Review: Freeloader (Wii)
Posted 25 Mar 2008 at 02:00 by Mark Lee
|"As futuristic as 2008 sounds, Nintendo still seem as archaic as ever when it comes to region-coding games."|
In the electronic entertainment industry, Nintendo were the originator of regional lockouts - so seeing gamers over the pond playing the latest and greatest Nintendo titles months, even years before us, has become an expected norm for European gamers. Bar owning several region-specific consoles or modding one (thus voiding your warranty) it has always been difficult, nay impossible to play games intended for Japanese/US gamers. With that simple truth, there lay a money-making opportunity for third party developers.
Ever since the Super Nintendo housed the epic Street Fighter 2 there have been those titles that everyone had to get their hands on. Evidently, third party developers have always timed their releases carefully. Go back to August 2002 and the internet gasped in delight as Datel's Freeloader enabled gamers to play Mario Sunshine and the seminal Animal Crossing months, and years before they would see release in the US/EU. The Freeloader was simple and cheap. A device which enabled gamers to play import games on their console – through nothing more than a swapping of disks procedure.
Unsurprisingly it sold well.
So here we are again three years later and as futuristic as 2008 sounds, Nintendo still seem as archaic as ever when it comes to region-coding games. At this moment in time the main Nintendo game on everyone's brain is Super Smash Bros. Brawl. With Nintendo (again) not giving us a release date for a major first-party title, Nintendo fans all over Europe are left wishing, wondering, wanting. Datel promised ease-of-use with the GameCube Freeloader and (after several delays and revised versions) they delivered. Will the new Wii-specific version offer gamers the same pros?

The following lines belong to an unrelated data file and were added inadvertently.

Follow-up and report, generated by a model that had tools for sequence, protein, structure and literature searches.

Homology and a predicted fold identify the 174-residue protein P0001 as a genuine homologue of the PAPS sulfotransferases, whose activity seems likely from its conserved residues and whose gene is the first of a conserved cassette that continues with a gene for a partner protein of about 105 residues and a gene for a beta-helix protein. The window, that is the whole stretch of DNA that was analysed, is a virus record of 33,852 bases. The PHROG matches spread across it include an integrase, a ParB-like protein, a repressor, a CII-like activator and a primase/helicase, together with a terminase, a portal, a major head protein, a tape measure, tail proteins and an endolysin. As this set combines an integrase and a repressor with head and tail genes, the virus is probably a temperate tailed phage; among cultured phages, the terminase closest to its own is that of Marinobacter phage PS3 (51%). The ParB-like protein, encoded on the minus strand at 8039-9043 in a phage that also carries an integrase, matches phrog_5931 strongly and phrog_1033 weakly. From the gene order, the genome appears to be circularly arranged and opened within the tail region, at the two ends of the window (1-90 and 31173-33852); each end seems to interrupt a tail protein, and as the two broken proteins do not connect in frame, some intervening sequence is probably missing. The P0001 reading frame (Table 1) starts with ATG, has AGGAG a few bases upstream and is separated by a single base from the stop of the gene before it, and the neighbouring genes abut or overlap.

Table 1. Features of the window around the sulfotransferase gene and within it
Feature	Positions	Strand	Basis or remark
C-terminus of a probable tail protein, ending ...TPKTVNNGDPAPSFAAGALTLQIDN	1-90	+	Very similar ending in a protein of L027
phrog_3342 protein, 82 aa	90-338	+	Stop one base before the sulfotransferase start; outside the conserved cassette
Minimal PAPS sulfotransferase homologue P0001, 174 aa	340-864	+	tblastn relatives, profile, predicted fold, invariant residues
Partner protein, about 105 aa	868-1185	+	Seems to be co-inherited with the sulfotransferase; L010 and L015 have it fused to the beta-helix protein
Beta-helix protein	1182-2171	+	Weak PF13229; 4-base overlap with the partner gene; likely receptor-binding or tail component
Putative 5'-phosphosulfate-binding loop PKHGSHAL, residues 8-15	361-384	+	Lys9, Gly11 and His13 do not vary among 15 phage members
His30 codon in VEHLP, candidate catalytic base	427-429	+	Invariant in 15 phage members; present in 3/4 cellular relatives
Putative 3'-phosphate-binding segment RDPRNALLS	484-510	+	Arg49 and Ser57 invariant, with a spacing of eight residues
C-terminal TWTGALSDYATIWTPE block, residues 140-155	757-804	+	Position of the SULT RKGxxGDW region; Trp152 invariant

The Freeloader comes in a standard DVD case with a simple one-sheet manual detailing how to use it, plus the usual disclaimers and contact details. The presentation and packaging reflects the £10 price point with an 8-cm miniDVD (GameCube disk) inside. The disk is easily inserted into the Wii disk drive and, as expected, upon insertion will begin to load. After a few seconds the screen will then mildly smudge colours from right to left - twice. This is accompanied by an emitted "crash" tone not too dissimilar to loading an old Commadore 64 game. After this the import game can then be inserted. The game will then load as normal with all features intact (yes, online too). However, any games that come with an update on them (Smash Bros/Super Paper Mario) will only work after the Freeloader has been inserted twice. The updates are then accepted by the user yet ignored by the console. This is explained clearly on the included instruction sheet.
So can you play any import game on your Wii console? Not quite.
As effortless as the Freeloader is, there were always going to be some issues - and firmware is the biggest. Firmware is essentially a computer instruction stored in a ROM (as in a game disk), this means Nintendo could incorporate an instruction on future game disks that combats the Freeloader. Furthermore a console update could also render existing titles unplayable. The current Wii firmware (as noted in your Wii Settings) is version 3.2 and so everything equal to/below that should work fine. As mentioned though – any future update from Nintendo could change everything.
Furthermore, those looking to play their imported GameCube games via the Wii Freeloader are in for a lottery. While the Freeloader makes no mention of GameCube compatibility, it does work with some titles. Yet to those that own imported GC titles: Don't expect any/all of your games to work. It's all rather random. US Animal Crossing doesn't, while US Metroid Prime and US Baten Kaitos: Origins both do.
And finally, your console must be set to 60 Hz (or EDTV/HDTV mode) which is what a US/Japanese GameCube or Wii would play in. Without these modes enabled games may play colourless, messed-up or not at all. It goes without saying then that your TV must be able to emit 60 Hz.
We've listed the full pros and cons below...
N-Europe Final Verdict
The opportunity to play Smash Bros. Brawl now and No More Heroes uncut means the Freeloader is already an EU gamers dream come true. But the choice is yours.
Import titles are generally cheaper to buy
Purchase unreleased/uncut games
Simple diskswapping process
Play Smash Bros. brawl now!
Future games could include updates which render it useless
Nintendo could release updates rendering it useless